The mod p derived Hecke algebra of a p-adic group: structure and applications

Speaker: 

Niccolo' Ronchetti

Institution: 

UCLA

Time: 

Thursday, January 18, 2018 - 3:00pm to 4:00pm

Location: 

RH 306

I will introduce the mod p derived spherical Hecke algebra of a p-adic group, and discuss its structure via a derived version of the Satake homomorphism. Then, I will survey some speculations about its action on the cohomology of arithmetic manifolds.

abc and Faster Computation of Isotopy Type

Speaker: 

Maurice Rojas

Institution: 

Texas A&M University

Time: 

Thursday, January 11, 2018 - 3:00pm to 4:00pm

Host: 

Location: 

RH 306

Suppose f is an n-variate polynomial with integer coefficients and degree d. Many natural computational problems involving the real zero set Z of f are algorithmically difficult. For instance, no known algorithm for computing the number of connected components of Z has complexity polynomial in n+d. Furthermore, no known general algorithm for deciding whether f has root over the p-adic has sub-exponential complexity. So it is worthwhile to seek families of polynomials where these questions are tractable.

Assuming f has n+2 monomial terms, and its exponent vectors do not all lie on an affine hyperplane, we prove that the isotopy type of Z can be determined in time polynomial in log d, for any fixed n. (This family of polynomials --- polynomials supported on circuits ---is highly non-trivial, since it already includes Weierstrass normal forms and several important examples from semi-definite programming.) We also show that a 1998 refinement of the abc-Conjecture (by Baker) implies that our algorithm is polynomial in n as well. Furthermore, the original abc-Conjecture implies that p-adic rational roots for f can be detected in the complexity class NP.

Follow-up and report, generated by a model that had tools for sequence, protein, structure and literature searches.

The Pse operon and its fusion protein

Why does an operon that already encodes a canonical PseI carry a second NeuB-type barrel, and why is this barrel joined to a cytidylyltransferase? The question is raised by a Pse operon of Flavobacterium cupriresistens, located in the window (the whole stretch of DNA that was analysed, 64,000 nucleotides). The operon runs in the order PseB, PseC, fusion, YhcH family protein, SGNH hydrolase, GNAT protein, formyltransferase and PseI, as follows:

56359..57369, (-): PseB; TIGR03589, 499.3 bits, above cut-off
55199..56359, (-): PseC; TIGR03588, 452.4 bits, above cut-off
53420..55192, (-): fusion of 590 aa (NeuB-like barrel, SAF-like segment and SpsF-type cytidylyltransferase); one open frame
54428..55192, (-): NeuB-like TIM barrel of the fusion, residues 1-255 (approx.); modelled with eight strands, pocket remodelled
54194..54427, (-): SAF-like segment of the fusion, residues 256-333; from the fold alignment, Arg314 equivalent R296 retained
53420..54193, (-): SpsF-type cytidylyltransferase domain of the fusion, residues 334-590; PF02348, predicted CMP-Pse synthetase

These results were obtained in collaboration with Kaitlyn Phillipson and Daqing Wan.

Sideways Katz-Sarnak and motivic random variables

Speaker: 

Sean Howe

Institution: 

Stanford University

Time: 

Thursday, February 15, 2018 - 3:00pm to 4:00pm

Host: 

Location: 

RH 306

A fundamental observation in Katz-Sarnak's study of the zero spacing of L-functions is that Frobenius conjugacy classes in suitable families of varieties over finite fields approximate infinite random matrix statistics. For example, the normalized Frobenius conjugacy classes of smooth plane curves of degree d over F_q approach the Gaussian symplectic ensemble as we take first q to infinity, then d to infinity. In this talk, we explain a sideways version of this result where the limits in d and q are exchanged, and give a Hodge theoretic analog in characteristic zero. 

Unexpected quadratic points on random hyperelliptic curves

Speaker: 

Joseph Gunther

Institution: 

University of Wisconsin/Université Paris-Sud

Time: 

Thursday, October 19, 2017 - 3:00pm to 4:00pm

Host: 

Location: 

RH 306

On a hyperelliptic curve over the rationals, there are infinitely many points defined over quadratic fields: just pull back rational points of the projective line through the degree two map. But for a positive proportion of genus g odd hyperelliptic curves, we show there can be at most 24 quadratic points not arising in this way.  The proof uses tropical geometry work of Park, as well as results of Bhargava and Gross on average ranks of hyperelliptic Jacobians.  This is joint work with Jackson Morrow.